Thirty Holy Trinity parents held a rally outside the school in support of the diocese's decision to discontinue Carie Charleworth's employment. These parents felt that her presence in the school, given the nature of her relationship with her violent and unpredictable ex-husband, endangered their children.

     Carie Charlesworth, in discussing her situation with a reporter, said, "I followed all the things they tell domestic abuse victims to do. Now I feel I was the one who got punished. This is why other victims do not come forward."

     Following her dismissal, Carie Charlesworth championed legislation to insure that no other woman would experience what she had been put through by her employer. In October 2013, California Governor Jerry Brown signed a bill into law that protected victims of domestic abuse from losing their jobs. A month earlier, she filed a lawsuit against the diocese contesting her dismissal. (In 2012, the U.S. Supreme Court ruled that religious organizations can claim ministerial exemptions from employment discrimination laws.)

     Martin Charlesworth had been released from the San Diego County Jail on June 20, 2013.

     As of July 2015, Carie Charlesworth's lawsuit against her former employer remained unresolved.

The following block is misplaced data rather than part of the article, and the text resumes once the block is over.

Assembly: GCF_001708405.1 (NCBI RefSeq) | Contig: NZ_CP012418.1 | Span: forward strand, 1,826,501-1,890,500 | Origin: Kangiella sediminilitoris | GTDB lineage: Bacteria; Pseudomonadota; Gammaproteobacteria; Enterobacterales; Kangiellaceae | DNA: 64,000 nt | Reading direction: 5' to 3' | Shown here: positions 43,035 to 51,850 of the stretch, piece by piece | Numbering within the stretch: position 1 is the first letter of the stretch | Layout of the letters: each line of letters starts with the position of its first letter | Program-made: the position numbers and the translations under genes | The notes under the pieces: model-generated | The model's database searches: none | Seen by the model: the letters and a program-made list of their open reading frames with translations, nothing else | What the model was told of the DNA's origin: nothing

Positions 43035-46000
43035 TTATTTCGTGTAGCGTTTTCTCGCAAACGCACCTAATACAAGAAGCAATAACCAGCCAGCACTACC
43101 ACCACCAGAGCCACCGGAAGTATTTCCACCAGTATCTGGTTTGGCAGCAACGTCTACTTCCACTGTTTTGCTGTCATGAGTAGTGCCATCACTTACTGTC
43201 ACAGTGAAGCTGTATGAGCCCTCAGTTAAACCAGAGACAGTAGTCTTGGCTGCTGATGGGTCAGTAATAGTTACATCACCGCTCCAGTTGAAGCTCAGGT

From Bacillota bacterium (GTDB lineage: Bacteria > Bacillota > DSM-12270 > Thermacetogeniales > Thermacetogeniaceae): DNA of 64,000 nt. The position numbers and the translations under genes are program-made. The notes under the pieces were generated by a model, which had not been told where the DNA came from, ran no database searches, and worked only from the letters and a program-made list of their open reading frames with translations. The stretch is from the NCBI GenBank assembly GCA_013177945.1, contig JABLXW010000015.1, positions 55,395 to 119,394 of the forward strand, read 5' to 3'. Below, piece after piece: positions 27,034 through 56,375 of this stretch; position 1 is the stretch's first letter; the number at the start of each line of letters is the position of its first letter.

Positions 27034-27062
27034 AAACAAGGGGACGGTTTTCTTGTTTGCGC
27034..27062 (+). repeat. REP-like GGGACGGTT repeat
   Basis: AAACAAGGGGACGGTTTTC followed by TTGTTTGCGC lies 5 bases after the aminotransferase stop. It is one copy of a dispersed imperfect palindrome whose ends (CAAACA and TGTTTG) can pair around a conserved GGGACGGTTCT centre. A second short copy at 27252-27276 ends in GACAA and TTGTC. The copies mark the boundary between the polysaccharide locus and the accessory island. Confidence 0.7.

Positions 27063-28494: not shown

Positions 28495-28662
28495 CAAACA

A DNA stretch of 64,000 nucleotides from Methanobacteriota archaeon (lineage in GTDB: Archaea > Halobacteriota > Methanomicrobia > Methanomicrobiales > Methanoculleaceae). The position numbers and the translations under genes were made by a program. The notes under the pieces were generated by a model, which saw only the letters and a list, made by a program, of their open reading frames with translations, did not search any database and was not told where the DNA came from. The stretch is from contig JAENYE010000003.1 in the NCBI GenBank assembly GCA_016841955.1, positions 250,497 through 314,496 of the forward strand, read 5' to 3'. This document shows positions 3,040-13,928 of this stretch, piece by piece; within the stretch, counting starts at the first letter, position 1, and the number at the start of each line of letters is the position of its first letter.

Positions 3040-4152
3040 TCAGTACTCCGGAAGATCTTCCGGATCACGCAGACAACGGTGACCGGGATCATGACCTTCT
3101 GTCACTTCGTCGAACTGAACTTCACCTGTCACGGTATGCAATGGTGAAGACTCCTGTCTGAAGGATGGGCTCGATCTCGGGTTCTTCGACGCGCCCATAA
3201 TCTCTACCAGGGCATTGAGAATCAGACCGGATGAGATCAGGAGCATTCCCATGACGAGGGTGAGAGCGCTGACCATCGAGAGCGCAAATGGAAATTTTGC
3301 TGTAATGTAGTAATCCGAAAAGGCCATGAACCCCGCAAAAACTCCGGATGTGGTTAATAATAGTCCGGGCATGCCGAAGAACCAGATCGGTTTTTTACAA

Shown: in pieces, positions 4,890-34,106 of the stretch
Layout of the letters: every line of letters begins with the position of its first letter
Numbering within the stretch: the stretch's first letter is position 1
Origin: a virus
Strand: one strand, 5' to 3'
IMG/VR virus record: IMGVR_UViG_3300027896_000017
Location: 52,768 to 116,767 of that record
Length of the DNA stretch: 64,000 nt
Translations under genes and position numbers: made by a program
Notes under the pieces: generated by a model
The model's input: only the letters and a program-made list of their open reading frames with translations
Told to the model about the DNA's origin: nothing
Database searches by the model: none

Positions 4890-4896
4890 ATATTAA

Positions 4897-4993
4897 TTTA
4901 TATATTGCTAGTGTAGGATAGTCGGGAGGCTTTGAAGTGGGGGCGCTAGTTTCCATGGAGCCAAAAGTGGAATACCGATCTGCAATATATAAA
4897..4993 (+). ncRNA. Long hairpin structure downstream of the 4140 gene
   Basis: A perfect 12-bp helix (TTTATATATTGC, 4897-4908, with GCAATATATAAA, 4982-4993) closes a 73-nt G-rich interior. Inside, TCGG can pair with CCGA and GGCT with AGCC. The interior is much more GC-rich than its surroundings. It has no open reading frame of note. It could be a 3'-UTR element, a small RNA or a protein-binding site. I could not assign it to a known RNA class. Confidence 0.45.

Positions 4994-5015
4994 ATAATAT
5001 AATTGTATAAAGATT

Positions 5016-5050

Wednesday, July 29, 2015

The Sylvie Cachay Bathtub Murder Case

     Sylvie Cachay grew up as the daughter of a Peruvian-born physician who practiced in Arlington, Virginia. She studied fashion design in New York City and worked for clothing designers Marc Jacobs, Tommy Hilfinger, and Victoria's Secret. In 2006, Cachay started her own swimsuit line called Syla. She resided in a So Ho apartment in Manhattan's meatpacking district.

     Early in 2010, the 33-year-old swimwear designer met 24-year-old Nicholas Brooks, a college dropout and unemployed party-boy with a history of patronizing prostitutes, consuming large amounts of alcohol, and smoking marijuana. Nicholas Brooks' father, Joseph Brooks, achieved a bit of fame by writing the 1970s hit song, "You Light Up My Life." The songwriter supported his son's party-boy lifestyle until 2009 when the elder Brooks was arrested on charges of sexually assaulting several women, most of whom were aspiring actresses. (In 2011, Joseph Brooks, facing the chance of a long stretch in prison, committed suicide.)